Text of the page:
Author(s): AlShehri MA, Eid WA
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Abstract Hypoxic ischaemic encephalopathy (HIE) is an important cause of permanent damage to central nervous system, which may result in neonatal death or manifest as cerebral palsy or mental deficiency. A matched-case control study of neonatal encephalopathy was conducted in Abha General Hospital, Abha City, Saudi Arabia to determine some possible risk factors for HIE. A total of 57 term infants with clinical evidence of HIE at birth were recruited over a period of 3 years, and compared with the same number of a control group of normal newborns. The cumulative incidence of HIE was 4.9 per 1000 live births (95\% CI: 3.1 to 6.3). Moderate or severe encephalopathy occurred in about 63\% of all infants, with seizures in 67\% of these. All the 57 (100\%) infants with encephalopathy required one or more of resuscitation measures compared with only 8 (14\%) of the control. Significant antepartum risk factors for HIE include: primiparity (OR=3.13), nonaccessibility to antenatal care (OR=1.89), and pregnancy-induced hypertension(OR=2.13). Significant possible labour and delivery risk factors include: noncephalic presentation (OR=2.76)), antepartum haemorrhage (OR=4.32), instrumental delivery (OR=7.91), and prolonged second stage of labour (OR=6.67). In conclusion, both antepartum and intrapartum factors are important in the causation of HIE in Abha city. Improvement of both antenatal care and care during delivery is a necessity.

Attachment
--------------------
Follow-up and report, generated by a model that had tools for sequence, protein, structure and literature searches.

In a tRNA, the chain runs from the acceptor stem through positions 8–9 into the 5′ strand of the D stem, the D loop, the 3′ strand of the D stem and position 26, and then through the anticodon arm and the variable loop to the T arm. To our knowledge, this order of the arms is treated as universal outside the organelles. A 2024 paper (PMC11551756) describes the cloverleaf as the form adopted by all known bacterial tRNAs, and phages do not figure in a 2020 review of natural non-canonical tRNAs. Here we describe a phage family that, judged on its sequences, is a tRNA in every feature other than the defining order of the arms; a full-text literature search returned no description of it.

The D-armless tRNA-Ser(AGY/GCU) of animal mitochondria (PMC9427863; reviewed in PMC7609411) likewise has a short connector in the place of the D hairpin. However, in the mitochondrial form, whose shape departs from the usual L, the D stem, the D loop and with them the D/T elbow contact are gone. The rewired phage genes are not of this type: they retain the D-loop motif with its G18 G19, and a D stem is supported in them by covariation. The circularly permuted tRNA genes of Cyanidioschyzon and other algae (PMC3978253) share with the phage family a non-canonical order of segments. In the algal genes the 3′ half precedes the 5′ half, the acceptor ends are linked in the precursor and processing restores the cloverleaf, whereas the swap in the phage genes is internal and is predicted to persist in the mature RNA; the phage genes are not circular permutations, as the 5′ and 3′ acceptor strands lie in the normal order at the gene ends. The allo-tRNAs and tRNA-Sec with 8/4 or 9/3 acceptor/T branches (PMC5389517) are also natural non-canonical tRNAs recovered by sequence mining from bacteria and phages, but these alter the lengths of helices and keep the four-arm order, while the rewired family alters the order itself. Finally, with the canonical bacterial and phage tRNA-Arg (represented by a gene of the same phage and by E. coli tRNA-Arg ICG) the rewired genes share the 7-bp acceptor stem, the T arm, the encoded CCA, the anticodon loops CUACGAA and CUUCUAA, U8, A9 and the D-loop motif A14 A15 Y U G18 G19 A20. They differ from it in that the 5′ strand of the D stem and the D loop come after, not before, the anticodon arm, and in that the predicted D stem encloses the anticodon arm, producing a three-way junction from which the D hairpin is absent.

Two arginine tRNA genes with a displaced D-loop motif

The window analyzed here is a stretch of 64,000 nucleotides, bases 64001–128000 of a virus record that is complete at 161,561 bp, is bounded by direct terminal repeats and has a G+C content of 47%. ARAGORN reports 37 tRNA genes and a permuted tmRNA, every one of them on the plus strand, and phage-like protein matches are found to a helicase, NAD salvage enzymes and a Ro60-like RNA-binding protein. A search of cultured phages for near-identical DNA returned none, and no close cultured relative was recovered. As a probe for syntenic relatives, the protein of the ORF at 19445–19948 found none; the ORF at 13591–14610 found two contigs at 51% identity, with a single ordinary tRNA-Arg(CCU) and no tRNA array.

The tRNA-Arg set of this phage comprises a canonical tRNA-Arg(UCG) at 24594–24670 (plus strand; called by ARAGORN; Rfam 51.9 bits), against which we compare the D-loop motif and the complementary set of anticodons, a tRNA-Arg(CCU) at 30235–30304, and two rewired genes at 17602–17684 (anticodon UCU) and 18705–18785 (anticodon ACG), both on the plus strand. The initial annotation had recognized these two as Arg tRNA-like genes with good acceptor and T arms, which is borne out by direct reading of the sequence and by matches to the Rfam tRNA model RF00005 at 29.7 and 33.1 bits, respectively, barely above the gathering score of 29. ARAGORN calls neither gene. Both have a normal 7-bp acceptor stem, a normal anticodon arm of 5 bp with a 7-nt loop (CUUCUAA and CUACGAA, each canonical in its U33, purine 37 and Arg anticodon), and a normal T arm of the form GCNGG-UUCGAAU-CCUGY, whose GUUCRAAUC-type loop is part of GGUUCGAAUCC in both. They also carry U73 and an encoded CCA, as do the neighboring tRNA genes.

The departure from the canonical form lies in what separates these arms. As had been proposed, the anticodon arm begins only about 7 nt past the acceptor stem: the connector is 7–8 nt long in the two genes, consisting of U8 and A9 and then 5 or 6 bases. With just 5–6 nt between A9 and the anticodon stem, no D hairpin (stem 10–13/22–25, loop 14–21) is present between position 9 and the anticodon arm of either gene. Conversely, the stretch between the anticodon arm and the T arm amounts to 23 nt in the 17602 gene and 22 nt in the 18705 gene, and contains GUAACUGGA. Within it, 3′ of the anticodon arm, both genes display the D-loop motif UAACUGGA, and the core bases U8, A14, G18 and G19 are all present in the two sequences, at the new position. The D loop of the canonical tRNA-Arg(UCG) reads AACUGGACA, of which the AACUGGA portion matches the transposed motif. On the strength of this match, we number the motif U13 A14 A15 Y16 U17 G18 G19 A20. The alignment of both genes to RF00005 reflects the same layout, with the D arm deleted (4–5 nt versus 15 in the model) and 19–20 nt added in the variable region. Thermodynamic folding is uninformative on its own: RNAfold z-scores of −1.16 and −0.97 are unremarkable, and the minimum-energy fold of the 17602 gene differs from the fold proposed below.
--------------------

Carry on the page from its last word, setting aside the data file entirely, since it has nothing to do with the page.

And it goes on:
This article was published in Afr J Med Med Sci
and referenced in Journal of Clinical & Cellular Immunology